His portraits include Katharine Hepburn, Leslie Howard, Jean Harlow, Joan Crawford, Jane Russell, Louis Armstrong, and the definitive dance photograph of Fred Astaire.

Munkácsi died in poverty and controversy. Several universities and museums declined to accept his archives, and they were scattered around the world.

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download soundtrack link: Bill Hicks – Rant in E-Minor

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Alfred Stieglitz Photographs of New York/Sometimes, every once in a while, I remember back to when I had you/Sippin’ at Bells

“I don’t really mind living like this. Quiet, not much to say. But, sometimes, every once in a while, I remember back to when I had you.”

John Rosow/Michael Shannon

The Missing Person

Alfred Stieglitz (January 1, 1864 – July 13, 1946) was an American photographer and modern art promoter who was instrumental over his fifty-year career in making photography an accepted art form. In addition to his photography, Stieglitz is known for the New York art galleries that he ran in the early part of the 20th century, where he introduced many avant-garde European artists to the U.S. He was married to painter Georgia O’Keeffe.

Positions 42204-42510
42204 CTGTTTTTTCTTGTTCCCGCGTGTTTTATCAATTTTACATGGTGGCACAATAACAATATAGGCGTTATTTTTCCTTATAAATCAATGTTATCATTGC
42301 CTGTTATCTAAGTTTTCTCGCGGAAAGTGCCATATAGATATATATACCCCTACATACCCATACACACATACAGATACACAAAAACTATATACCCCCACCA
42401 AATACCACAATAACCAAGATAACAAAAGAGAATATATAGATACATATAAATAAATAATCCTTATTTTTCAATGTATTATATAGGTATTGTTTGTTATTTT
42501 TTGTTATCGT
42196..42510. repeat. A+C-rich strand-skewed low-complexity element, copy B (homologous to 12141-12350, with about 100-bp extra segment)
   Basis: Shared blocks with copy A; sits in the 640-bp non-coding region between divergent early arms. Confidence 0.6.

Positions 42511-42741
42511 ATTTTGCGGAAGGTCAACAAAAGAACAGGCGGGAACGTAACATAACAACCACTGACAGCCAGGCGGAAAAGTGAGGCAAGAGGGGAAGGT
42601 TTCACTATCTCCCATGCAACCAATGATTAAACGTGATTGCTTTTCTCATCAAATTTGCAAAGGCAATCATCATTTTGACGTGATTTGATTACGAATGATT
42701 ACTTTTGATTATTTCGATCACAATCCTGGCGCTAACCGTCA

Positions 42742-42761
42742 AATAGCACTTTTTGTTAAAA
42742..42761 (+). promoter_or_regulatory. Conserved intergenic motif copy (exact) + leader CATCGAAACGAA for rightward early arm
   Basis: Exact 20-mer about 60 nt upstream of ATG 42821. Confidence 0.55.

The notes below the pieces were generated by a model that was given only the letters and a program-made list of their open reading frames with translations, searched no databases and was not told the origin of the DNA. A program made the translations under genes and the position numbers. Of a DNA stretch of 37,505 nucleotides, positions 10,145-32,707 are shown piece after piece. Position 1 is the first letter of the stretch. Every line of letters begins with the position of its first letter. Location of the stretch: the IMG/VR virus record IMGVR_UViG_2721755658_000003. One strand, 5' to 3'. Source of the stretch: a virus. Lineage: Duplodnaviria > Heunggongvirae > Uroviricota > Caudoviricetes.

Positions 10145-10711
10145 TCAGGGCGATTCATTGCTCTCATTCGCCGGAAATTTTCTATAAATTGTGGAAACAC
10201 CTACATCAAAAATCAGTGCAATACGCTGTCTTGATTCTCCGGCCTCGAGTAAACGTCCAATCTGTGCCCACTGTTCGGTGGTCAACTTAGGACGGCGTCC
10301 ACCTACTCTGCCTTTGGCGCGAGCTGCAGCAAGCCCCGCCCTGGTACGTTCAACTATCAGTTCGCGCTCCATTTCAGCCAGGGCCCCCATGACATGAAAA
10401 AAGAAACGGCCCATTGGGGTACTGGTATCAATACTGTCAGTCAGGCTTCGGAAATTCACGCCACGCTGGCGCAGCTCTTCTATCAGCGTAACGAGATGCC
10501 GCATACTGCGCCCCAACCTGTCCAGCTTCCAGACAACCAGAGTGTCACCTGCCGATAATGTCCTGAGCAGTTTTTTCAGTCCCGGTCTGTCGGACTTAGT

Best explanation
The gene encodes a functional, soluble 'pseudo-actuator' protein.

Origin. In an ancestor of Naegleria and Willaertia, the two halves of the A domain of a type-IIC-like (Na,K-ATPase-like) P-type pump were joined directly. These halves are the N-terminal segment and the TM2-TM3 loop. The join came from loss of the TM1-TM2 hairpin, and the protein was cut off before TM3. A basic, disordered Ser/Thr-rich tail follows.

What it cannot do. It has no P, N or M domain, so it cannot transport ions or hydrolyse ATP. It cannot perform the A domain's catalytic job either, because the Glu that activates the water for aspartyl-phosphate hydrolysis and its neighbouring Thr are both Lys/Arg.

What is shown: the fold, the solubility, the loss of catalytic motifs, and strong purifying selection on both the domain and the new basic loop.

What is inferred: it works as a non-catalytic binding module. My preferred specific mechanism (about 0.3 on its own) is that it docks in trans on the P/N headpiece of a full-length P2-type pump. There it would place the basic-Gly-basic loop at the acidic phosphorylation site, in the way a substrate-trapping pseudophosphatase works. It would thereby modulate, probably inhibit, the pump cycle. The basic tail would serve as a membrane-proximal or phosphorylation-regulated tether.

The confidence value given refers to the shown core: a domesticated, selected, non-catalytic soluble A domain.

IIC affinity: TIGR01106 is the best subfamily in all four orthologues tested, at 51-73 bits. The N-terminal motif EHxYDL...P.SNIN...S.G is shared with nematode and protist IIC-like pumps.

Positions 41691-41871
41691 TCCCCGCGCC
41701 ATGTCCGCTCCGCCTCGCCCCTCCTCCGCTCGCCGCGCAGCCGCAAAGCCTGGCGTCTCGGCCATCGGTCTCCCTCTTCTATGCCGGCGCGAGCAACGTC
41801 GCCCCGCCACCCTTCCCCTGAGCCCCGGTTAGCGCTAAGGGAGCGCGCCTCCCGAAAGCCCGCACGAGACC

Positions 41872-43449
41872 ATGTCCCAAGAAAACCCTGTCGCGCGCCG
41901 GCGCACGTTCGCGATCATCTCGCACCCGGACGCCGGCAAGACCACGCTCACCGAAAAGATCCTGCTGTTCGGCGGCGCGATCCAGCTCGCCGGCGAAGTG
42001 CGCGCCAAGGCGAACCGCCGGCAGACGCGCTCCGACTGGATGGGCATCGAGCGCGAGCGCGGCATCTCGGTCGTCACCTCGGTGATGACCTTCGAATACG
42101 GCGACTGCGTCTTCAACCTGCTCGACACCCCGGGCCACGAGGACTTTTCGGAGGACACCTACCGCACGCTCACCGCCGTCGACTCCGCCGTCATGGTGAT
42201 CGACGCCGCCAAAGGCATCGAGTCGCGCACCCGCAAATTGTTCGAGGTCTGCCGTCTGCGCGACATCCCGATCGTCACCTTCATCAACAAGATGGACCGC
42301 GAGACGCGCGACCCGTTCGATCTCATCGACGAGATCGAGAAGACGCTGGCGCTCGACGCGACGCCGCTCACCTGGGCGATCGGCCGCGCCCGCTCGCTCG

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Blue Bird Legendary Savoy Sessions – Charlie Parker & Miles Davis

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70s Porn Poster Design/Catholocism/Mr Wankee Man & Me

“I thank God I was raised Catholic, so sex will always be dirty.”

John Waters

and the weekend left me bruised and trampled/paddled by a mistress whose nazi uniform/black strapon and heels/thrashed me on a st andrews cross/and buxom corseted ladies put me in the trampling cage and sat on my face/and put their heels in my mouth/and next to the dance floor a mistress whipped admirers as they lapped at her little pussy through the bars that guarded her/or them/and I thought that whilst that pussy looked good it was maybe riddled with herpes/and my arrogant chin thrust out I drew the line in the sand/and she hit me in the face/and outside the human ashtray/whose burns and ashy grey lips/and sissy boys/where freaks and fingerings/slaps and shuffles/stockings and shoes/breasts constricted in corsets and me drunk/staggering through this/like a half-tranquilised kaiju/riding through the grim carnival like gidrah/stroboscopic lights/and mr wankee man/shuffling dismally/using the least amount of energy and movement possible to slap both thighs with a sore looking penis/in some ketamine disco jiggle/gold lurex leotard/one stocking fallen down/blonde wig and golden mask/but when the mistress prodded my ass with her strappon/I was weary of being thrashed